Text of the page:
13
$\begingroup$

The following problem is from Golan's linear algebra book. I have posted a proposed solution in the answers.

Problem: For $n\in \mathbb{N}$, consider the function $f_n(x)=\sin^n(x)$ as an element of the vector space $\mathbb{R}^\mathbb{R}$ over $\mathbb{R}$. Is the subset $\{f_n:\ n\in\mathbb{N}\}$ linearly independent?

$\endgroup$
2
  • 2
    $\begingroup$ What is $\mathbb{B}$? $\endgroup$ May 31 '12 at 18:14
  • 23
    $\begingroup$ A letter on my keyboard that's very close to N. I fixed the typo above. $\endgroup$
    – Potato
    May 31 '12 at 18:17
32
$\begingroup$

Suppose we have real numbers $a_j$ such that $\sum_1^k a_j \sin^j(x)=0$ for every real $x$. Consider the polynomial $f(y)=\sum_1^k a_j y^j$. By assumption, we know that $f(\sin(x))=0$ for every $x$. Since $\sin(x)$ can take any value between $-1$ and $1$, we have that $f(y)=0$ for any $y$ between $-1$ and $1$. But then $f(y)=0$ for infinitely many values of $y$, and so $f$ is the zero polynomial, i.e. $a_j=0$ for all $j$. Thus the only linear dependence is the trivial one, and so our set is linearly independent.

$\endgroup$
3
  • 2
    $\begingroup$ Beat me by 24 seconds! $\endgroup$ May 31 '12 at 18:22
  • 1
    $\begingroup$ Nice, this proof also generalizes for any function that takes infinitely many values. $\endgroup$ May 31 '12 at 18:34
  • $\begingroup$ For the step from "$f(y) = 0$ for infinitely many values of $y$" to "$f$ is the zero polynomial," is there any way of further explaining / proving this? is it a theorem? $\endgroup$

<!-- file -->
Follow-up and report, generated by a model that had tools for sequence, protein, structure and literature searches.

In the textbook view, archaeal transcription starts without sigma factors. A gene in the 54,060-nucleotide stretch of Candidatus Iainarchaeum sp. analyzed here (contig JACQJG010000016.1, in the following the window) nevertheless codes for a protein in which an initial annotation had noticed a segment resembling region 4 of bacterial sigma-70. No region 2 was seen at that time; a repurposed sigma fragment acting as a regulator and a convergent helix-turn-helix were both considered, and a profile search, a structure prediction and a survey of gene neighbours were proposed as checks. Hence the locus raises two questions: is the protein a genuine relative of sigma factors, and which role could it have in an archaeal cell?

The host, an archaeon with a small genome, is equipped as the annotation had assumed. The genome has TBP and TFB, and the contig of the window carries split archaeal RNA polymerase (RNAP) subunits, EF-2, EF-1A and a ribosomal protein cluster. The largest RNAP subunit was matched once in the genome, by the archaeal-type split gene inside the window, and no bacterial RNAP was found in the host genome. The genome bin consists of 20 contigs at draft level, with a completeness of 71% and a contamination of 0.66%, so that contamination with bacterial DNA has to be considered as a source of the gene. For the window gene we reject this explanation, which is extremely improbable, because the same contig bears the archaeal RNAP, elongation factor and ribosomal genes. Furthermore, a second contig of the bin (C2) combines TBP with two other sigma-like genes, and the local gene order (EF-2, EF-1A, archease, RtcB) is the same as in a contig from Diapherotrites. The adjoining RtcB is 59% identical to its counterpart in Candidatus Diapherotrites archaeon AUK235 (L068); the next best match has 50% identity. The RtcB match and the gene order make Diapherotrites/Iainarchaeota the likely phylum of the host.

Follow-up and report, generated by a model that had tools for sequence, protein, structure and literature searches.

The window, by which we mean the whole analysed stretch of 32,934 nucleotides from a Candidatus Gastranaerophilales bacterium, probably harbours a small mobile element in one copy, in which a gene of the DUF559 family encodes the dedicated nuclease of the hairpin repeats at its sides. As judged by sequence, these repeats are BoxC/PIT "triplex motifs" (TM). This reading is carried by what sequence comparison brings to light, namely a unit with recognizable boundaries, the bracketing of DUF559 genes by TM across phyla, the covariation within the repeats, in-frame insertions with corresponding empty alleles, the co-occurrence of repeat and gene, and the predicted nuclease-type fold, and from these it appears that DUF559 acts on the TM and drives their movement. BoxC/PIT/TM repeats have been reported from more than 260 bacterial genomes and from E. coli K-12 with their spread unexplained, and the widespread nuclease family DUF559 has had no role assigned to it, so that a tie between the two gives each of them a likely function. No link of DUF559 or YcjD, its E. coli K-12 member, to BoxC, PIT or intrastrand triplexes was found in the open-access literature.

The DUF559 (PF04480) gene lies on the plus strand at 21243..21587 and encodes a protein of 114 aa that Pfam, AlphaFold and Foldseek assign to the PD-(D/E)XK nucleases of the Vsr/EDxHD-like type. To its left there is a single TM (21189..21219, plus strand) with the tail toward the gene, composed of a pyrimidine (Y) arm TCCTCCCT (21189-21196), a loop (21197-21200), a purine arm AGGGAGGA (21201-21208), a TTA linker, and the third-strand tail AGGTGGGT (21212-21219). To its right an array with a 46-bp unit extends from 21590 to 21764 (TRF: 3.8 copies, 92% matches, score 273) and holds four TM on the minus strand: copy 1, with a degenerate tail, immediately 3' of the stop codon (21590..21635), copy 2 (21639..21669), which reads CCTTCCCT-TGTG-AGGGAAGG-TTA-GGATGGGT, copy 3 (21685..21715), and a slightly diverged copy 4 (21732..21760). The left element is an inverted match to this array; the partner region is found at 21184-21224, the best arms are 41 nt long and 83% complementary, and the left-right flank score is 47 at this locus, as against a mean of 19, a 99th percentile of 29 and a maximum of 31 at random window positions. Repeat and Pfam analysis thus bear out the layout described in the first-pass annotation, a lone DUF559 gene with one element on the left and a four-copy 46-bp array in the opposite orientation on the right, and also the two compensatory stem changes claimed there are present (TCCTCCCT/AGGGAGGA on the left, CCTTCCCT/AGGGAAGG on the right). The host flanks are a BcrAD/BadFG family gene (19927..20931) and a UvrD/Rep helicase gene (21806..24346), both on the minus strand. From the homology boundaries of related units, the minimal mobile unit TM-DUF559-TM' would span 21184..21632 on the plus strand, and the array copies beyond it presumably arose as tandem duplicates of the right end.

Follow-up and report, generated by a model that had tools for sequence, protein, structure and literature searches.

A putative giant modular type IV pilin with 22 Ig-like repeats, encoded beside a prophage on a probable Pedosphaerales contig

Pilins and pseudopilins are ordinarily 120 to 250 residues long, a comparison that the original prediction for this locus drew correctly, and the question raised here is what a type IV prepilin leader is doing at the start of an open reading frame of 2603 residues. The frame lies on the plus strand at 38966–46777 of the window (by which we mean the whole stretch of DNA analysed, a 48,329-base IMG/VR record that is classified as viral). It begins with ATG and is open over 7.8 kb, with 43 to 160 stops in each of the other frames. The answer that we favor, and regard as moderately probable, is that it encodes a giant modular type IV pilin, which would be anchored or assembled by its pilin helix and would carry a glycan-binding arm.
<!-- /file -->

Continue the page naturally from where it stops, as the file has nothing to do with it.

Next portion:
– Rax Adaam
    Oct 13 '15 at 18:24
5
$\begingroup$

Here is a generalization.

Let $X$ be a set, let $F$ be a field, and let $h:X\to F$ be a function. Then $\{h,h^2,h^3,h^4,\ldots\}$ is linearly independent in the $F$-vector space $F^{X}$ if and only if $h(X)$ is infinite.

Proof can be found at the linked question, or using the same idea as in Chris Eagle's answer.

$\endgroup$
4
$\begingroup$

The Wronskian of $\sin(t),...,\sin^n(t)$ is $$ 1! 2! 3! \dots (n-1)! \sin^n(t) \cos^{n(n-1)/2}(t) $$ not identically zero.

$\endgroup$
3
  • $\begingroup$ Could you explain further? I'm not familiar with the theory of Wronskians. $\endgroup$
    – Potato
    May 31 '12 at 18:25
  • 1
    $\begingroup$ When you take a course in differential equations, you will learn of the Wronskian. The Wronskian is a certain determinant calculation that you can do with a finite list of differentiable functions: if the functions are linearly dependent, then the Wronskian is identically zero. $\endgroup$
    – GEdgar
    May 31 '12 at 18:27
  • $\begingroup$ Is the calculation trivial? $\endgroup$
    – Pedro Tamaroff
    May 31 '12 at 18:50

Your Answer

By clicking “Post Your Answer”, you agree to our terms of service, privacy policy and cookie policy

Not the answer you're looking for? Browse other questions tagged or ask your own question.